There are many images where the background lighting is noticeably uneven. For these images, it is unreasonable to classify them into objects and backgrounds only based on the absoluteness of the gray levels. However, the relativity of the gray levels in local subregions can reflect the difference between the objects and the background. Therefore, in order to reduce the impact of uneven light on the segmented results, the grayscale wave model is proposed by Wei et al. [36] to obtain the local characteristic of a pixel to replace its original gray level. Figure 1c shows the grayscale wave model. The idea of the wave transformation is as follows. First, the image can be treated as a gray wave in threedimensional space composed of many local subregions. These subregions are obtained by finding the local peaks and troughs in a set of grayscale wave curves, which are extracted in turn from the image in several given directions. Suppose that in a subregion, the pixels close by the peak correspond to the object, and the pixels close to the trough correspond to the background. The closeness degree of a pixel to the local peak or trough represents its relative characteristic and is used to substitute its absolute characteristic (its gray level) for segmenting the image. The closeness degree can be reflected by a membership degree and obtained by the wave transformation as follows. Given a direction x, a membership degree is assigned to a pixel according to its location in the local subregion between two neighboring peak and trough. Especially, the membership degree of the pixel located at the peak is 1, while the membership degree of the pixel located at the trough is 0. Moreover, we can extract grayscale wave curves in several directions and perform the same wave transformation on the curves. Therefore, a pixel has n transformation values corresponding to n different directions. Lastly, these values are pulled together for each pixel according to a principle, and a multidirection wave transformation can be obtained for an image.
Intuitively speaking, the image can be viewed as waves of the gray pixels. For an individual pixel, its local characteristic is immediately concerned with the location in the corresponding wave. The pixel located at the peak of the wave has a relatively higher level, while the pixel located at the trough of the wave has a relatively lower level. The location of the pixel in the local wave, namely, the wave transformation value that reflects the relative characteristic of a pixel in the local subregion, can be used to replace its original gray level for segmenting images [36].
Definition 1. Extract a straight line f _{ d } in a given direction d, which consists of K pixels. Let g(k) = {0, 1, ⋯, L − 1} represent the gray level of the line f _{ d }, where k = 1, 2, …, K. Suppose that there are m local peaks, which are located at P _{1}, P _{2}, ⋯, and m + 1 local troughs, which are located at T _{1}, T _{2}, ⋯, where T _{1} < P _{1} < T _{2} < ⋯ < P _{ m } < T _{ m + 1}. Given a threshold α ∈ [0, L − 1], if g(P _{ i }) − g(T _{ i − 1}) > α, g(P _{ i }) − g(T _{ i }) > α, and i = 1, 2, ⋯, m, the transformation value (membership degree) w of the pixel Q(x _{ k }, y _{ k }) is [36]:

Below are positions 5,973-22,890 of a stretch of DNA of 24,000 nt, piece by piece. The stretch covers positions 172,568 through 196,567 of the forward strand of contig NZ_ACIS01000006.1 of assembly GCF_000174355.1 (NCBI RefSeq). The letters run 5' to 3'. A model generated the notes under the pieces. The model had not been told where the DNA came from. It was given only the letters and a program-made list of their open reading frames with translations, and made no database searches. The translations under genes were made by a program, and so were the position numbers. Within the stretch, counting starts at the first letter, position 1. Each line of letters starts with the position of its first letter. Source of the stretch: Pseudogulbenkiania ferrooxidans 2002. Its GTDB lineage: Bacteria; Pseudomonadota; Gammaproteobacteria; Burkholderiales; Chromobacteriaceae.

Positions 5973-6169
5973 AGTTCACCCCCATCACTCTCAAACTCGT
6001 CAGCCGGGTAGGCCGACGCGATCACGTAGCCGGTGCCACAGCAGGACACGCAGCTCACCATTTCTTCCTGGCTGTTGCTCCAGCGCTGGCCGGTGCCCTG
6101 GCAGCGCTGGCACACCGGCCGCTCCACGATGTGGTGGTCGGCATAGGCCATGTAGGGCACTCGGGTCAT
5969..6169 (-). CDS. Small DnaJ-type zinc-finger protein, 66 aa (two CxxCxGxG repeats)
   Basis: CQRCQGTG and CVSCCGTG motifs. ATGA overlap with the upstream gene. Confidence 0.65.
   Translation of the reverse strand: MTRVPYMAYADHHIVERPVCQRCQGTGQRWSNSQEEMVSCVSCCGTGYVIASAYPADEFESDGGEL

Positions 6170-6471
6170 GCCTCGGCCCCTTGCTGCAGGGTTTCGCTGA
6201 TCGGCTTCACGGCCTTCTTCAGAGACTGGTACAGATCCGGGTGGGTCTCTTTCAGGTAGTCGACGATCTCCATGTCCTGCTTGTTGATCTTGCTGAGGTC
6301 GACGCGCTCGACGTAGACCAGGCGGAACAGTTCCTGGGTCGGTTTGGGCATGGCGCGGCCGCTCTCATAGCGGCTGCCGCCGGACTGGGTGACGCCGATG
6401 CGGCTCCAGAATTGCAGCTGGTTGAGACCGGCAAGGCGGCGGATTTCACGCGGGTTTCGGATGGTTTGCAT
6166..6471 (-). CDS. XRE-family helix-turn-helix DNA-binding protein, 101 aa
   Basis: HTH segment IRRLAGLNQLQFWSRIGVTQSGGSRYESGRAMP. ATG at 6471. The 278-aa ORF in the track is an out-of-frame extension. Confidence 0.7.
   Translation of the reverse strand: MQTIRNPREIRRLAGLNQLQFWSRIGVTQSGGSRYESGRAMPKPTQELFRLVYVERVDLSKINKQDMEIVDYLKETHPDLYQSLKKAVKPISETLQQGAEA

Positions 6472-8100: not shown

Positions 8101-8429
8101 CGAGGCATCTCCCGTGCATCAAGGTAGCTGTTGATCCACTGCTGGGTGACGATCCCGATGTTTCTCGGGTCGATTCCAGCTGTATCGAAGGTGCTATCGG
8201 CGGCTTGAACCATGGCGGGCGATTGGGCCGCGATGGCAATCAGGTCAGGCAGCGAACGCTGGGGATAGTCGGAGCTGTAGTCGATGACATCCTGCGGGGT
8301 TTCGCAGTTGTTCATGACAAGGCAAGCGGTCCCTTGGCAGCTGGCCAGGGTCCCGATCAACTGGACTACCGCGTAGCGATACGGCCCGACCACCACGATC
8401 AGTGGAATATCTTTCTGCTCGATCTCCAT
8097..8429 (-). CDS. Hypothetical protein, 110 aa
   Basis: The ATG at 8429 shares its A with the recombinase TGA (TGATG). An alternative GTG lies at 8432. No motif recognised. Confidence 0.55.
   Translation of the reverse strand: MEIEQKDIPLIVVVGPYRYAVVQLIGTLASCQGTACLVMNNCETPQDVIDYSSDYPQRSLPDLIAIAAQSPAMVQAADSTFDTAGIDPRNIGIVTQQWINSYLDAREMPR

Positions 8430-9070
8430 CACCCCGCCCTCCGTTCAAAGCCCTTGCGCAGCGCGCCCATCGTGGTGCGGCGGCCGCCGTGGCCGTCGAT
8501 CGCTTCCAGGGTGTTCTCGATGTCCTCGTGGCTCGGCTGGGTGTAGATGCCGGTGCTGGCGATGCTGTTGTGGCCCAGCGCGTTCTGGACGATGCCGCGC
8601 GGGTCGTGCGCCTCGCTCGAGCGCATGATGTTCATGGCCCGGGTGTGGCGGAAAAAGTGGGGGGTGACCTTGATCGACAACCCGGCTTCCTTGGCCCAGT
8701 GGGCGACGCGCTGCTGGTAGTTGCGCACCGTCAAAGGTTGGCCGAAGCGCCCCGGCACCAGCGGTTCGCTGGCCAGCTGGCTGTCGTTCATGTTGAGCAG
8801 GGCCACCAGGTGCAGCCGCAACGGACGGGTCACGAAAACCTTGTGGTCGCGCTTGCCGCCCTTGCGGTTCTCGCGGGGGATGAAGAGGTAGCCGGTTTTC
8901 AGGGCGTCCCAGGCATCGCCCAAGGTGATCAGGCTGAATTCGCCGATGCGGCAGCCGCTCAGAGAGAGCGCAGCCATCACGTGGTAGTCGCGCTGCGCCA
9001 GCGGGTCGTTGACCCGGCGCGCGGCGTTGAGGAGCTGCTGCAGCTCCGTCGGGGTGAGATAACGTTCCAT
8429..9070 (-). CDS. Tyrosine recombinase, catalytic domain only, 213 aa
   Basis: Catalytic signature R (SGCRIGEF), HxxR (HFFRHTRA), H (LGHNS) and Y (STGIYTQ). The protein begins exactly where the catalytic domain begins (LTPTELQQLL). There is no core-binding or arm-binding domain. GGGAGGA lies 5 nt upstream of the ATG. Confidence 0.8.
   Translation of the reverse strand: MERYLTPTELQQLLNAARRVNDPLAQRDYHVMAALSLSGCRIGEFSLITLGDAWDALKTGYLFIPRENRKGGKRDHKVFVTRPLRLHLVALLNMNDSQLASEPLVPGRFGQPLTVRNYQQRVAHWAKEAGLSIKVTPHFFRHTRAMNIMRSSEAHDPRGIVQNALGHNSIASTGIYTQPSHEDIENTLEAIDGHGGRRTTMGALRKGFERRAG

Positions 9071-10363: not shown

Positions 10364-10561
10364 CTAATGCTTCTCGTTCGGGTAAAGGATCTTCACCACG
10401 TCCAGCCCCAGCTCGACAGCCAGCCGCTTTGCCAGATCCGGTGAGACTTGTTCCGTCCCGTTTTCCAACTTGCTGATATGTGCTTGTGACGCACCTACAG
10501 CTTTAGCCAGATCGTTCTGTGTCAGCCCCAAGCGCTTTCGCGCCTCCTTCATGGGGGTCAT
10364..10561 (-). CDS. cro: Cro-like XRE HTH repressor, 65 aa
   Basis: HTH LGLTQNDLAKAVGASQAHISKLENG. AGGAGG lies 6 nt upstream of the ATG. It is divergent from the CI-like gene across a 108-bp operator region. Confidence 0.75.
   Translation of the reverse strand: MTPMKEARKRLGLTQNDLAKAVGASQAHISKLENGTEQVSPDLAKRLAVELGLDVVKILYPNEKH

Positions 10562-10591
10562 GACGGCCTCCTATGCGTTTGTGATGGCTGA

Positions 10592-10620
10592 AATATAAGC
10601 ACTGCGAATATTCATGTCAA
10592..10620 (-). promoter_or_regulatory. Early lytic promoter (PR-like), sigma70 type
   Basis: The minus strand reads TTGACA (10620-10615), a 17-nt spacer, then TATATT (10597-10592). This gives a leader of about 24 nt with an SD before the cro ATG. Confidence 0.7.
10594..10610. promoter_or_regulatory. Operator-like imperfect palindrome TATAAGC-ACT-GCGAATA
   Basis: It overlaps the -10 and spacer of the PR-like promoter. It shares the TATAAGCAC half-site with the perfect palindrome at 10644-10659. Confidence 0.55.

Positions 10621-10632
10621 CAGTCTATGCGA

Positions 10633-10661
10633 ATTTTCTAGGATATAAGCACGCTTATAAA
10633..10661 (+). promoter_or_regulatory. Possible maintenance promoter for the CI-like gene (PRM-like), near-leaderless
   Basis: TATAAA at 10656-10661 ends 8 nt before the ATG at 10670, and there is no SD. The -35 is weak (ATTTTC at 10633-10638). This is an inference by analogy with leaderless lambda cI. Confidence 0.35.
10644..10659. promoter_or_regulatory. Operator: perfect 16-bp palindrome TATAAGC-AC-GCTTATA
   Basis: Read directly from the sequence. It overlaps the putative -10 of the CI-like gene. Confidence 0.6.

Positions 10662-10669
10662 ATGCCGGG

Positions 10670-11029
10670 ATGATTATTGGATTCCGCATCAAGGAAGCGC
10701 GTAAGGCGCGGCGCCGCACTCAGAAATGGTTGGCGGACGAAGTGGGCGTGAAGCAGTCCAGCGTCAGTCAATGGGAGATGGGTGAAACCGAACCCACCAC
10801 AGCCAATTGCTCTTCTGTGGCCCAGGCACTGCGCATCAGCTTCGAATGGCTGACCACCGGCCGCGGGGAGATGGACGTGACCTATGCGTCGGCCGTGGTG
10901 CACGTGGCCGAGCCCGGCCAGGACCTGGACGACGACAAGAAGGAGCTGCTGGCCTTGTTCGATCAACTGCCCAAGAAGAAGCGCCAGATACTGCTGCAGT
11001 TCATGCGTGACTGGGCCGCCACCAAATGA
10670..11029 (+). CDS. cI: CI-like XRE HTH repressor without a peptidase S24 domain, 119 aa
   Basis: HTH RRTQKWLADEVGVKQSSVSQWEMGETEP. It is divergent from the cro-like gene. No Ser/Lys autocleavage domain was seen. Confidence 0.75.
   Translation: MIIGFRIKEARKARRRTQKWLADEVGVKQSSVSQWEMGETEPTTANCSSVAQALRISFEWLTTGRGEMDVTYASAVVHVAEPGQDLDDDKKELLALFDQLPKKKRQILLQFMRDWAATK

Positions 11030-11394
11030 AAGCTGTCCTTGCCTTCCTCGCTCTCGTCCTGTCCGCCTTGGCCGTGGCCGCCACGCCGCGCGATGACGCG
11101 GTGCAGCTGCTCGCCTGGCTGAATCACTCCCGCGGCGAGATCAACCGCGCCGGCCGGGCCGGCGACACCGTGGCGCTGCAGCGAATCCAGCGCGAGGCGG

where H(k; T _{ i − 1}, P _{ i }) = (g(k) − g(T _{ i − 1}))/(g(P _{ i }) − g(T _{ i − 1})), u is a monotonous increasing function, and (x _{ k }, y _{ k })represents the original coordinate of the kth pixel in the local subregion ϕ _{ m } = [T _{ m }, T _{ m + 1}]. The transformation values of pixels in other local subregions are obtained in the same way. Then, we obtain the transformation wave vector \( G=\left\{{w}_{\phi_1},{w}_{\phi_2},\dots, {w}_{\phi_m}\right\} \) of the line f _{ d }. The transformation process is called onedimentional (1D) gray scale wave transformation.
Definition 2. Suppose the image has M straight lines in direction d. Let f _{ d, i } represent the i th straight line in direction d, where d = d _{1}, d _{2}, …, d _{ n }, and i = 1, 2, ⋯, M. Let F _{ d, i } = ψ(f _{ d, i }) denote the 1D grayscale wave transformation of the straight line f _{ d, i }. w _{ d } represents the grayscale wave vector of a pixel Q(x, y) in f _{ d, i } in direction d and is described by [36]:
Therefore, there are n wave vectors \( {w}_{d_1},{w}_{d_2},\dots, {w}_{d_n} \) for a pixel Q(x, y). The multidirection grayscale wave transformation Ψ(f) of the image f in all directions d _{1}, d _{2}, …, d _{ n } is composed by:
Next, we state the reason the grayscale wave transformation can reduce the impact of uneven lighting. Suppose there are two subregions, ϕ _{1} = [T _{1}, P _{1}] and ϕ _{2} = [T _{2}, P _{2}], i.e., the yellow shadows in Fig. 2, with different lighting strengths in the wave curve g(k).
According to Eq. (1), the grayscale wave vectors of the two troughs and peaks are:
Therefore, the pixels located at the two peaks have the same wave transformation values, namely, \( {w}_{p_1}={w}_{p_2} \), no matter how large their original gray levels are. Likewise, \( {w}_{t_1}={w}_{t_2} \) for the pixels at the two troughs. Suppose two pixels are located at k _{1}, k _{2} with g(k _{1}) < g(k _{2}) in local subregions ϕ _{1}, ϕ _{2}, i.e., the yellow shadows in Fig. 2, respectively. If H(k _{1}; T _{1}, P _{1}) > H(k _{2}; T _{2}, P _{2}), their transformation values satisfy u(H(k _{1}; T _{1}, P _{1})) > u(H(k _{2}; T _{2}, P _{2})) because u is a monotonous increasing function, which indicates that the wave transformation values, located in the green shadows in Fig. 2, depend on the relative characteristics of the pixels rather than their absolute gray levels, thereby reducing the impact of uneven lighting [36].